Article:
Each of these personas breaks later on in the film as we see him struggle with the task at hand and coming to terms with his inner weakness toward accepting death. In every instance, Tomas breaks down out of fear and suffering, and we see his ego fractured as he becomes desperate to heal (Whitmont, 1978, p. 158). He hides behind these masks, but his true intentions come out when he is confronted with death itself. In each of these stories, he is searching for his own fountain of youth; once he realizes he will never find it, his mask falls off and his true ego is visible. He becomes a man engulfed in the terrible destructiveness of his desire for immortality.
The Watering Hole
The watering hole, as an idiom, refers to the place where animals congregate to drink from the limited supply of fresh water. As in many other films and in life itself, the watering hole is the place to share/gain knowledge and to encounter danger. In The Fountain, the watering hole takes on another form, but the emotional knowledge and encounters are just as life-giving.
In the film, the place of the watering hole is the lab where Tomas and the other doctors are conducting their research. It is where Tomas and his team discuss their successes and failures and where Tomas and his mother figure (Dr. Lillian Guzetti) fight about whether Tomas is spending time on what is most important in life. Just outside of this area is where Tomas washes his hands to prepare for surgery and loses his wedding ring in the symbolic water of life.
Some of the most important lessons in The Fountain are set at this watering hole. The grief that Tomas feels when he loses his ring is apparent and shows us his human side, as well as foreshadowing that his wife will pass away. Underneath his drives toward scientific advancement, he truly cares about only one thing: his connection to his wife and his resistance to losing her. We also see Tomas disregard others by risking their jobs and even the wellbeing of the lab monkey. He denies or fails to notice the irony that in his race to cheat death, he is disrespecting the process of life and death. It is very apparent that Tomas is only thinking about himself, and the dangers that surround the watering hole brings this out of Tomas very clearly.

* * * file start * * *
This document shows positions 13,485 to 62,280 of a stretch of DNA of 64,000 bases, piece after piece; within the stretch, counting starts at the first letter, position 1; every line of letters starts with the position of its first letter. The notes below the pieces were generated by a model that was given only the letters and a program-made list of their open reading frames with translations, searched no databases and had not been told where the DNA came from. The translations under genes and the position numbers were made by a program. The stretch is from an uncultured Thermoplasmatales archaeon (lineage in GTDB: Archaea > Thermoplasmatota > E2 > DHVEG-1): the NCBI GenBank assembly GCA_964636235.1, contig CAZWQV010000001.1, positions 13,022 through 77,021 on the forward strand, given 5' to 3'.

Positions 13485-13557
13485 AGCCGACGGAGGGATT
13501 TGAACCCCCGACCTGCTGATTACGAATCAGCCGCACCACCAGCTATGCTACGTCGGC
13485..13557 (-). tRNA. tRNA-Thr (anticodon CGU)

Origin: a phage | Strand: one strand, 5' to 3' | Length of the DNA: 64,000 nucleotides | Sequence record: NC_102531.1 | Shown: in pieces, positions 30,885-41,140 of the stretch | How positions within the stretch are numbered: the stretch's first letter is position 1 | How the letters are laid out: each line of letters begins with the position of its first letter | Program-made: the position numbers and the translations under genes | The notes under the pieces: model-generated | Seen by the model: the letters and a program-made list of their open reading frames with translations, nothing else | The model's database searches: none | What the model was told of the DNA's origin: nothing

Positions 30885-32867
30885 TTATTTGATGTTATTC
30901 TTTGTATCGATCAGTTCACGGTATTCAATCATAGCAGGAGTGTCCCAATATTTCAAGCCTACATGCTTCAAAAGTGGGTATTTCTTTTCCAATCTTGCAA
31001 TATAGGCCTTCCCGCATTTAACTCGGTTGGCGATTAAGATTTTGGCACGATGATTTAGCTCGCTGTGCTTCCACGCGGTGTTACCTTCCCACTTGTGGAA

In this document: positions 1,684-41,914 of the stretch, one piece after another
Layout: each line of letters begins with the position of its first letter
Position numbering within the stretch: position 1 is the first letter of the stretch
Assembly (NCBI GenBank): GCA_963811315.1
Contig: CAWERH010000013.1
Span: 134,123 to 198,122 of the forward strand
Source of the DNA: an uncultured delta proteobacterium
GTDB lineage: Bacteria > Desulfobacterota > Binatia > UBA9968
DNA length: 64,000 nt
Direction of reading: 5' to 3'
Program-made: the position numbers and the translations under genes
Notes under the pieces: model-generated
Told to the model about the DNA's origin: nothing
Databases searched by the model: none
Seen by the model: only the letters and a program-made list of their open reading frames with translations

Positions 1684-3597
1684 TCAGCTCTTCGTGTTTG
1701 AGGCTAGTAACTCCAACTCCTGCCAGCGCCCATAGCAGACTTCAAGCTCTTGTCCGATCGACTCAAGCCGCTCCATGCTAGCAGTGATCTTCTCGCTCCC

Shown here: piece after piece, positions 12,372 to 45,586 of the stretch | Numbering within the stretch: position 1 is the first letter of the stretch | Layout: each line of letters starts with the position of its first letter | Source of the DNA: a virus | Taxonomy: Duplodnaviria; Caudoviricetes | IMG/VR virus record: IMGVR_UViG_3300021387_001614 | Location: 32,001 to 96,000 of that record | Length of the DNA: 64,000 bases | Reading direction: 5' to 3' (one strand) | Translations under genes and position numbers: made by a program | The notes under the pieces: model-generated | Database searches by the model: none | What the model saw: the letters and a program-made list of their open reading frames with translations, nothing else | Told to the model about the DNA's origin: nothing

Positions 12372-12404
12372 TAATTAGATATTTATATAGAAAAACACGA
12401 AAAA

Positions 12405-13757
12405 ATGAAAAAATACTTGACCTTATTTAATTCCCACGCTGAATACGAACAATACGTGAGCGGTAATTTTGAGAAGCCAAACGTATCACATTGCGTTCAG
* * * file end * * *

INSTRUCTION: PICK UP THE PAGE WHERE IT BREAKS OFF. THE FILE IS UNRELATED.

The role of the anima in each storyline appears as a feminine counterpart to Tomas that urges or even requires him to see his repression and integrate this aspect of himself. In his persona as the doctor, Tomas’s anima is represented by his wife, Isabel, and an older woman who advises him when he loses his ring (a symbol of the anima) while preparing for surgery. As conquistador, his anima is the queen. In this storyline he is unable to marry the queen (the holy mother) while always holding the ring with him as a remembrance until he is able to find the holy grail for Spain (Whitmont, 1978, p. 189). As the monk, his anima is the Tree of Life, and it is progressively dying as Tomas eats of its flesh to keep himself alive until they both can reach the nebula Xibalba, where they will both be reborn.